What were the highlights? 

I liked the honesty in this book. It has no pretensions and doesn’t try to preach to the reader. It’s not a book you can dip into in a coffee break, however, and that’s a good thing. It demands your attention for at least the time it takes to read and digest one chapter i.e. about 20-30 minutes on average. Perhaps its most important message lies in the simple mantra of dos and don’ts  the author was given during his induction to volunteering and which forms a discreet, but central part of the book. Among other things he was told to always – be genuine, respect boundaries, learn to live with silence, to encourage life review and to take care of yourself; sage advice indeed. He was also told not to judge others, break confidentiality, take things personally, not to expect someone to conform to your own values and beliefs and lastly, but no least important, to remember that it’s the little things that mean a lot.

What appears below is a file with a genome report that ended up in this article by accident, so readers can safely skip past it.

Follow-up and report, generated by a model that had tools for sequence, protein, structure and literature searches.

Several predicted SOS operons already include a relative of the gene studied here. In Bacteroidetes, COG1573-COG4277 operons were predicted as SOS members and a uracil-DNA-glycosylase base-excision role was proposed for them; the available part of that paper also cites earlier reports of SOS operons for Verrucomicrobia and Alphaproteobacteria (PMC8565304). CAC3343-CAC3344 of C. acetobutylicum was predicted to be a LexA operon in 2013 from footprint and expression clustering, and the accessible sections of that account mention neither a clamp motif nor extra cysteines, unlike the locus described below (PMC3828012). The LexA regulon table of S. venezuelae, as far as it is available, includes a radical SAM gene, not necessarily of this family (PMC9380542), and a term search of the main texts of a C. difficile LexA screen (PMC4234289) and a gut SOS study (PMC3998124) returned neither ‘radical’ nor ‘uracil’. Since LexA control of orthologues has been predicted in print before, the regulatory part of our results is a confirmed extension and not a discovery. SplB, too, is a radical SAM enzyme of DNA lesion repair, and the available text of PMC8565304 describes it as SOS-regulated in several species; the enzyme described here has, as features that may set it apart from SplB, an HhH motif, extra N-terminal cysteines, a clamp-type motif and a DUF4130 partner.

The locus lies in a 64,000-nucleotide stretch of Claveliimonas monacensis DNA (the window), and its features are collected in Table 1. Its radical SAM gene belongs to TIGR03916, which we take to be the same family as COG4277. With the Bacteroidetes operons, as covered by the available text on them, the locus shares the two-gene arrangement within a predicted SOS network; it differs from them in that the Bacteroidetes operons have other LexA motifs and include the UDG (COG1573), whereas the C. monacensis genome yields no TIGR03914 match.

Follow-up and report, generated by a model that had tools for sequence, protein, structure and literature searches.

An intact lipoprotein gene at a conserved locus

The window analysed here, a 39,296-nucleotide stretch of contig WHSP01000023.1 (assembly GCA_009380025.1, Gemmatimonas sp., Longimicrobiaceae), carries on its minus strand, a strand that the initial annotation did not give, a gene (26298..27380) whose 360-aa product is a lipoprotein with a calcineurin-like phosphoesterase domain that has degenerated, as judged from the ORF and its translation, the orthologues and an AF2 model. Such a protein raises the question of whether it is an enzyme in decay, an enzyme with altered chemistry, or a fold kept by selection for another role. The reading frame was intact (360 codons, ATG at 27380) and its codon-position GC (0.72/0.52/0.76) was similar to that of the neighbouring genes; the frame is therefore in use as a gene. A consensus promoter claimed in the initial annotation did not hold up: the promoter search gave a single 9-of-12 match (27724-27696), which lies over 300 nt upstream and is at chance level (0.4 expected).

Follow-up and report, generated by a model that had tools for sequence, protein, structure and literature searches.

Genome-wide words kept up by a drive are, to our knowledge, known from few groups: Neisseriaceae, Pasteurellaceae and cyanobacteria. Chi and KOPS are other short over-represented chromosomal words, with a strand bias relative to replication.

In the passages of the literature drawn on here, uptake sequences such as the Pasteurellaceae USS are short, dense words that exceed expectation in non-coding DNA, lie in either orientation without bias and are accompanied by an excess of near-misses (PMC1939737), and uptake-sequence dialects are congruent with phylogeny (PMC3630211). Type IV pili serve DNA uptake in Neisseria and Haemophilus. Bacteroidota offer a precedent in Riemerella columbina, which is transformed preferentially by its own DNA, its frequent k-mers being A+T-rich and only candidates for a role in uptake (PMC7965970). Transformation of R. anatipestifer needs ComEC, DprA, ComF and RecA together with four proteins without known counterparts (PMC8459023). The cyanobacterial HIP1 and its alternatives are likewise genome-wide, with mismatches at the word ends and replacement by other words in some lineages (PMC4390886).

Strengths & weaknesses:

The stories do tend to go off on a tangent at times particularly when the author insists on telling the reader about his own health issues and centring in on other family members rather too much. More judicious editing would have helped and given the text a sharper focus. In this case the maxim “less is more” most definitely applies. Some UK readers may find the American terminology difficult to follow at times, but stick with it as it mostly sets the context well for these sincere accounts. Its unique selling point is that it’s written by a volunteer not a media celebrity, or health care professional, but as with a number of these books it sometimes becomes less about the patient interactions and more about the authors’ journey. This book has a tendency to fall into that trap at times and it detracts from its undoubted strengths.